Music Interviews
2:19 pm
Sat December 22, 2012

This Is What It Sounds Like When Two Women Cover Prince

Originally published on Fri December 28, 2012 2:51 pm

In the 1980s, few musicians matched the consistent brilliance and staggering fame of Prince. The Purple One earned legions of young fans back then, including one doting girl in California named Maya Rudolph — the same Maya Rudolph who would find fame herself as a cast member on Saturday Night Live and co-star of the film Bridesmaids.

Now, Rudolph is fulfilling a bit of a childhood fantasy. Together with her college friend Gretchen Lieberum, she's formed a Prince cover band called — what else? — Princess. The duo had its television debut recently on NBC's Late Night With Jimmy Fallon, with a little help from the show's house band, The Roots.

Rudolph discovered Prince at an impressionable age: She was 9 when an older cousin visited her family with a copy of the 1980 album Dirty Mind in tow.

"I remember dancing in socks, on the rug and on the bed. It was just the jammiest, funkiest, most exciting, interesting. ... I'd just never really heard that before," Rudoloph tells NPR's Guy Raz. "I fell in love with Prince when I saw Purple Rain, the movie. That's really what cracked it wide open."

Lieberum says her first exposure was similar: "I remember hearing 'When Doves Cry' for the first time and being like, 'What was that?!' " she says. " 'I'm scared and excited.' "

Rudolph and Lieberum met at the University of California at Santa Cruz, and, realizing their shared obsession, hatched the idea for Princess there. But Rudolph says that once she joined SNL, she barely had time for her family, let alone side projects.

"There were definitely years where it was just really hard to be a parent and to continue my lifelong dream of being on Saturday Night Live and living in New York," Rudolph says, noting that her schedule there essentially amounted to six and a half days a week. "The show ends on Sunday at 1 in the morning and you're a zombie. But I loved it. I was completely devoted. It's just hard to be completely devoted when you have an infant."

Rudolph left SNL in 2007, but stayed in contact with friends at NBC — including a producer who would end up working on Fallon and ultimately put her in contact with The Roots' bandleader, ?uestlove. To hear more of Rudolph and Lieberum's conversation with Raz — including a live demonstration of how they mimic Prince's backward vocals on the song "Darling Nikki" — click the audio link on this page.

Copyright 2013 NPR. To see more, visit http://www.npr.org/.

Transcript

GUY RAZ, HOST:

And if you're just tuning in, this is WEEKENDS on ALL THINGS CONSIDERED from NPR News. I'm Guy Raz. And it's time now for music.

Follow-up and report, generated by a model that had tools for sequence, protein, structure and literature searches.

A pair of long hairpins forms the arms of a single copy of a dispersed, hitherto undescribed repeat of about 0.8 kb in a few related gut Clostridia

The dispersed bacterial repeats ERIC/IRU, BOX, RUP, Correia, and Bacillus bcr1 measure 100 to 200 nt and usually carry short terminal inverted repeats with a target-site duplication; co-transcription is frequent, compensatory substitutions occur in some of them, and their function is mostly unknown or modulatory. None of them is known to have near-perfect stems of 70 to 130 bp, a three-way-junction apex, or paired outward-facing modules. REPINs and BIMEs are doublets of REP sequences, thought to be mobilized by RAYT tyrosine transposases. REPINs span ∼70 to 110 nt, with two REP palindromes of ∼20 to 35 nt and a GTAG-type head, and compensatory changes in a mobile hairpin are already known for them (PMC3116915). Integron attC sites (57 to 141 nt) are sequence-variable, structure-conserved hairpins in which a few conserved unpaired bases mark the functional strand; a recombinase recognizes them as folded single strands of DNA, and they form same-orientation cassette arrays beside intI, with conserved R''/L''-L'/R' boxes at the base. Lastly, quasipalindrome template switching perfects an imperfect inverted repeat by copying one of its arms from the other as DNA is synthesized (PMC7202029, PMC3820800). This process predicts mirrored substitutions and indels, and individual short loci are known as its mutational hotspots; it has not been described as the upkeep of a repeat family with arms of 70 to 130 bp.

(SOUNDBITE OF SONG, "DARLING NIKKI")

RAZ: In the 1980s, few musicians matched the consistent brilliance and staggering fame of Prince.

(SOUNDBITE OF SONG, "DARLING NIKKI")

PRINCE: (Singing) I knew a girl named Nikki. I guess you could say she was a sex fiend...

RAZ: Yes, we are playing that Prince song. Prince earned legions of young fans back then, including one doting girl in California named Maya Rudolph. Rudolph went on to find fame herself as a cast member on "Saturday Night Live" and the costar of the film "Bridesmaids." And now, Maya Rudolph's fulfilling a bit of a childhood dream. Together with her college friend Gretchen Liberum, she's formed a Prince cover band called Princess.

(SOUNDBITE OF SONG, "DARLING NIKKI")

PRINCESS: (Singing) Took me to a castle and I just couldn't believe my eyes. She had so many devices, everything that money could buy...

RAZ: This is from their performance on NBC's "Late Night with Jimmy Fallon" with the show's house band The Roots backing them up. Anyway, Maya Rudolph says she discovered Prince at an impressionable age.

MAYA RUDOLPH: I think I was 9. My cousin Ingrid came out to stay with us from Chicago. She was significantly older. And she brought the "Dirty Mind" record. And I remember dancing in socks, like, on the rug and, like, on the bed. And it was just the jammiest jam, funkiest. I don't know, I just never really heard that before.

(SOUNDBITE OF SONG, "HEAD")

PRINCE: (Singing) I remember when I met you, baby. You were on you're way to be wed.

RUDOLPH: I fell in love with Prince when I saw "Purple Rain." That's really what cracked it wide open.

RAZ: You guys were both, what, around 12 when that record came out?

GRETCHEN LIBERUM: Yes. I was 11.

RAZ: Eleven.

RUDOLPH: Yeah, I'm far older. I was 12.

LIBERUM: Actually, I remember hearing "When Doves Cry" for the first time and just being: What was that? Mommy, mommy, I'm scared and excited.

(SOUNDBITE OF SONG, "WHEN DOVES CRY")

PRINCE: (Singing) How can you just leave me standing alone in a world that's so cold.

RAZ: All right. "Purple Rain" comes out in 1984. Let's fast forward six years - and we'll get back to Prince in a bit - because the two of you meet at college, right? You both went to Santa Cruz - UC Santa Cruz - and you formed a band.

RUDOLPH: Yeah.

LIBERUM: We sure did.

RAZ: And so when did this idea come about, a - kind of reform a band? And not just any band. The band is called...

RUDOLPH: (Makes noise) Princess.

RAZ: Princess.

(LAUGHTER)